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Author:Primiceri, Giorgio E. 

Conference Paper
Financial innovations and macroeconomic volatility - comments

Proceedings , Issue Nov

The Effects of the saving and banking glut on the U.S. economy

We use a quantitative equilibrium model with houses, collateralized debt, and foreign borrowing to study the impact of global imbalances on the U.S. economy in the 2000s. Our results suggest that the dynamics of foreign capital flows account for between one-fourth and one-third of the increase in U.S. house prices and household debt that preceded the financial crisis. The key to these findings is that the model generates the sustained low level of interest rates observed over that period.
Staff Reports , Paper 648

Discussion Paper
Economic Predictions with Big Data: The Illusion of Sparsity

The availability of large data sets, combined with advances in the fields of statistics, machine learning, and econometrics, have generated interest in forecasting models that include many possible predictive variables. Are economic data sufficiently informative to warrant selecting a handful of the most useful predictors from this larger pool of variables? This post documents that they usually are not, based on applications in macroeconomics, microeconomics, and finance.
Liberty Street Economics , Paper 20180521

Discussion Paper
“Excess Savings” Are Not Excessive

How will the U.S. economy emerge from the ongoing COVID-19 pandemic? Will it struggle to return to prior levels of employment and activity, or will it come roaring back as soon as vaccinations are widespread and Americans feel comfortable travelling and eating out? Part of the answer to these questions hinges on what will happen to the large amount of “excess savings” that U.S. households have accumulated since last March. According to most estimates, these savings are around $1.6 trillion and counting. Some economists have expressed the concern that, if a considerable fraction of these ...
Liberty Street Economics , Paper 20210405a

Journal Article
Measuring the equilibrium real interest rate

The equilibrium real interest rate represents the real rate of return required to keep the economy?s output equal to potential output. This article discusses how to measure the equilibrium real interest rate, using an empirical structural model of the economy.
Economic Perspectives , Volume 34 , Issue Q I , Pages 14-27

Investment shocks and the relative price of investment

We estimate a New-Neoclassical Synthesis model of the business cycle with two investment shocks. The first, an investment-specific technology shock, affects the transformation of consumption into investment goods and is identified with the relative price of investment. The second shock affects the production of installed capital from investment goods or, more broadly, the transformation of savings into future capital input. We find that this shock is the most important driver of U.S. business cycle fluctuations in the postwar period and that it is likely to proxy for more fundamental ...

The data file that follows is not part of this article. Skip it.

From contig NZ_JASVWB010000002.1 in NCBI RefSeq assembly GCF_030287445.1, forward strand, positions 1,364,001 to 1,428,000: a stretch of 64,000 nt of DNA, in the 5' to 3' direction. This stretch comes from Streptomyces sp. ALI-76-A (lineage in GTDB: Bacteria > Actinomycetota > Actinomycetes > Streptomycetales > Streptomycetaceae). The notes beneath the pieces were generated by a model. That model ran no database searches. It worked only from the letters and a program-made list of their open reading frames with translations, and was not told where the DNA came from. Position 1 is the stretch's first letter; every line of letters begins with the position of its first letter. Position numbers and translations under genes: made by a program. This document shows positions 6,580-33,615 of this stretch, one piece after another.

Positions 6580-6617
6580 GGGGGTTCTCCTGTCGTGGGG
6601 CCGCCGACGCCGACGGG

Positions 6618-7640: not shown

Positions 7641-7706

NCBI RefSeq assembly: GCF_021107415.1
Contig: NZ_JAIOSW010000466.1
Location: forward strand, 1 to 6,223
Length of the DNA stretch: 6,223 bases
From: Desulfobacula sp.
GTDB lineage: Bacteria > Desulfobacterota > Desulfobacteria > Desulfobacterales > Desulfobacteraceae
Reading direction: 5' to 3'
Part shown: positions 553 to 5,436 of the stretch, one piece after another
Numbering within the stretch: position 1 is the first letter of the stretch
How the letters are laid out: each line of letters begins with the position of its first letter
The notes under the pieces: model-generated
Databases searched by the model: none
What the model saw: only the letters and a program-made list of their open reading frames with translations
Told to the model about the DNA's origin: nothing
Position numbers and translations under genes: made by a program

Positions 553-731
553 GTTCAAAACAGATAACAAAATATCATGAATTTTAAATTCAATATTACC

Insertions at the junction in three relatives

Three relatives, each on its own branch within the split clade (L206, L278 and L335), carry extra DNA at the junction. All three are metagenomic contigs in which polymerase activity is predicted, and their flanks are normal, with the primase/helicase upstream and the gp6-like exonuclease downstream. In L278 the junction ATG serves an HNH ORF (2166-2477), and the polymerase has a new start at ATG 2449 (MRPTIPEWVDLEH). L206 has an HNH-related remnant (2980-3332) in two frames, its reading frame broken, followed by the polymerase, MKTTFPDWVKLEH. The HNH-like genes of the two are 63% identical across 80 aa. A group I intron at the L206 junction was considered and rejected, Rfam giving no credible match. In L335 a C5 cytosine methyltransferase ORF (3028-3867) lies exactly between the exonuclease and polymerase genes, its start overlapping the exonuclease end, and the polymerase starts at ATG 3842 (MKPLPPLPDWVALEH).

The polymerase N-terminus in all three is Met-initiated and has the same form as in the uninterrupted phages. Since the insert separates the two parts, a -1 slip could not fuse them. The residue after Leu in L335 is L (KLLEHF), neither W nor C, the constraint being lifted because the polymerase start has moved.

Staff Reports , Paper 411

Credit supply and the housing boom

The housing boom that preceded the Great Recession was the result of an increase in credit supply driven by looser lending constraints in the mortgage market. This view on the fundamental drivers of the boom is consistent with four empirical observations: the unprecedented rise in home prices, the surge in household debt, the stability of debt relative to home values, and the fall in mortgage rates. These facts are difficult to reconcile with the popular view that attributes the housing boom to looser borrowing constraints associated with lower collateral requirements. In fact, a slackening ...
Staff Reports , Paper 709

Discussion Paper
What’s Up with the Phillips Curve?

U.S. inflation used to rise during economic booms, as businesses charged higher prices to cope with increases in wages and other costs. When the economy cooled and joblessness rose, inflation declined. This pattern changed around 1990. Since then, U.S. inflation has been remarkably stable, even though economic activity and unemployment have continued to fluctuate. For example, during the Great Recession unemployment reached 10 percent, but inflation barely dipped below 1 percent. More recently, even with unemployment as low as 3.5 percent, inflation remained stuck under 2 percent. What ...
Liberty Street Economics , Paper 20200918a

Working Paper
The Mortgage Rate Conundrum

We document the emergence of a disconnect between mortgage and Treasury interest rates in the summer of 2003. Following the end of the Federal Reserve expansionary cycle in June 2003, mortgage rates failed to rise according to their historical relationship with Treasury yields, leading to significantly and persistently easier mortgage credit conditions. We uncover this phenomenon by analyzing a large dataset with millions of loan-level observations, which allows us to control for the impact of varying loan, borrower and geographic characteristics. These detailed data also reveal that ...
Working Paper Series , Paper WP-2017-23

Economic predictions with big data: the illusion of sparsity

We compare sparse and dense representations of predictive models in macroeconomics, microeconomics, and finance. To deal with a large number of possible predictors, we specify a prior that allows for both variable selection and shrinkage. The posterior distribution does not typically concentrate on a single sparse or dense model, but on a wide set of models. A clearer pattern of sparsity can only emerge when models of very low dimension are strongly favored a priori.
Staff Reports , Paper 847


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